Pages: 7  |  Essay  |  Style: Harvard  |  Sources: 10


British Policy Burma and China

(317-318) Though the Burmese government was highly influenced by Chinese tradition, they seemed to have less of a tendency to change with the times, in the manner that was needed to resist outside control from colonial powers, especially in the since that the nation did not reap the benefits of economic growth created by colonial expansion but instead were relegated to a position of watching as resources were stripped from their nation. (315, 363) British rule left the nation in a position of weakness, especially the poor as outside interests were then free to come in and buy up property and conscript labor for colonial interest. Indian elite were especially prone to buy land from the poor and then demand rent, many peasants lost land in this manner and sympathy for their plight engendered belated concessions for representation and eventually nationalism that spurned first independence as a colony and then as a nation. (363) To Britain Burma was a small holding, while China was a trade partner, not equal to the Western powers but still able to have some control over trade and to take some part in the gains created by colonial expansion. (357) Internal conflict and infighting between powers, the most dominant of which was Britain created a situation where China was held together but required in a sense to sign "open door" treaties that opened the nation even further to Western trade expansion and colonial industry. (325-326) Britain made concerted efforts all over Southeast Asia to colonize nations, and the weaker, smaller and more strategic nations tended to fall to colonial rule, through a slow progression of trade concessions and then British military aggression. Burma, did not retain enough political control, as China did, to remain isolated and Britain was much more successful there than in other areas of the region. "The search for trade explains the successive waves of European travelers from Portugal, Holland, France, and Great Britain, and it is a constant factor in the story of British relations with China in South-East Asia." (Woodman 1) All the nations of Southeast Asia were potentially fodder for colonial expansion and the gaining of wealth, often at the extreme peril and long-term expense of the indigenous populations. China resisted for much longer than Burma, as it signed independent treaties with many nations for port rights and other trade and settlement rights. Britain treated the Burmese nation as…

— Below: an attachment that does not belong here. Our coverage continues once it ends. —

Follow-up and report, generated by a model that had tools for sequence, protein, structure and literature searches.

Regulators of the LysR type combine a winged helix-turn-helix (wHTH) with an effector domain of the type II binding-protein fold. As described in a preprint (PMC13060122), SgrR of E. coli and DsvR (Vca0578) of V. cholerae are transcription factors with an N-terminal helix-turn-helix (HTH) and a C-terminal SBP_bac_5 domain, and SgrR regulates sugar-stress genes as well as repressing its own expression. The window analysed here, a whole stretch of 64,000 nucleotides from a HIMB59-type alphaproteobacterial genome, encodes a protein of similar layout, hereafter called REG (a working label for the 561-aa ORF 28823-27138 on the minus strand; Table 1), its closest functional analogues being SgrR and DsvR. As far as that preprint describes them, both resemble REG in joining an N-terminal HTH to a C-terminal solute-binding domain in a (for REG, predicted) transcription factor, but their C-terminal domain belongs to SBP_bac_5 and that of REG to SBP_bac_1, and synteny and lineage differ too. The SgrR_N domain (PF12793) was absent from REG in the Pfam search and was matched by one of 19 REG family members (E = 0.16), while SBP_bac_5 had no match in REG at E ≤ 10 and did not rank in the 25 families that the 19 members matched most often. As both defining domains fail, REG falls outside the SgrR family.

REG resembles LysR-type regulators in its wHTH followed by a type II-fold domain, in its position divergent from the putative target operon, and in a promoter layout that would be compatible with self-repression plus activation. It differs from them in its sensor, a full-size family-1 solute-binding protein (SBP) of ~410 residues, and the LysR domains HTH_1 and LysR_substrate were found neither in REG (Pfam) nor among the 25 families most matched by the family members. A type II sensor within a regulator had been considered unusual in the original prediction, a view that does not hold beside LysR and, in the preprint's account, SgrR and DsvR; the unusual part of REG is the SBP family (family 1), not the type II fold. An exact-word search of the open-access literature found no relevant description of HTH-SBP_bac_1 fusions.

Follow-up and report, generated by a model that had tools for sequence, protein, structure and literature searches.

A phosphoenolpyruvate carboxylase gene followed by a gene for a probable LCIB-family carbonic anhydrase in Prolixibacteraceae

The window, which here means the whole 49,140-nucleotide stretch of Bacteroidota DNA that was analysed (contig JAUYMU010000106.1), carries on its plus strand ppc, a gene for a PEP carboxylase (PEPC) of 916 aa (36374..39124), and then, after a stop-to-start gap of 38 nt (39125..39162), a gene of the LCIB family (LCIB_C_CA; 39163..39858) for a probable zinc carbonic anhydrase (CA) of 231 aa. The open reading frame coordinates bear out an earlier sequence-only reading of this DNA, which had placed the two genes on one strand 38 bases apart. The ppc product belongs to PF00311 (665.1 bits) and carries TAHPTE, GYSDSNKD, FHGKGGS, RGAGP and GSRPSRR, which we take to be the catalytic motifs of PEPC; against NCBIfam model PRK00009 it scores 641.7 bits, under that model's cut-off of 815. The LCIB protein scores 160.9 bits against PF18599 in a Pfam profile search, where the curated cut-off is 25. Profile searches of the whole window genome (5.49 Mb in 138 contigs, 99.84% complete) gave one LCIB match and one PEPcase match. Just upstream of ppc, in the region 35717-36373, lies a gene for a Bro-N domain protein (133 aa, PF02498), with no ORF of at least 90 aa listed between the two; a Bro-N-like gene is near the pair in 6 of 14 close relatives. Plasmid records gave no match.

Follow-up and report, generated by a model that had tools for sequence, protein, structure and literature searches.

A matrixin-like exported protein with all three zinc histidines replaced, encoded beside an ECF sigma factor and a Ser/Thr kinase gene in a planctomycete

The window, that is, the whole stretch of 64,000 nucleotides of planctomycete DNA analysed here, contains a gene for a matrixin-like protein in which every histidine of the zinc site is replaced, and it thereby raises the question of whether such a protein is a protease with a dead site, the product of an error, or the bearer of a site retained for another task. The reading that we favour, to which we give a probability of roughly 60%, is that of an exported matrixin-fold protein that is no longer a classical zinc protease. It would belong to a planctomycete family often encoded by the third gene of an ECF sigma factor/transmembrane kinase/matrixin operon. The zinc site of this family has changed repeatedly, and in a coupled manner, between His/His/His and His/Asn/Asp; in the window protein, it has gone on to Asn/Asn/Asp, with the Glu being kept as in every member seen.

Pages: 3  |  Research Paper  |  Style: MLA  |  Sources: 1


Traditional Southeast Asian Bamboo Flutes Studies on Origins and History

Traditional Se Asian Bamboo Flutes: Studies on Origins and History The study investigates the bamboo flutes found in Southeast Asia, as well as their history and origin. The earliest known extant bamboo flute, a chi, or ancient Chinese flute, from the Zhou Dynasty, discovered in the tomb of Marquis Yi of Zeng, dates from 433 BC. Southeast Asian bamboo flutes,…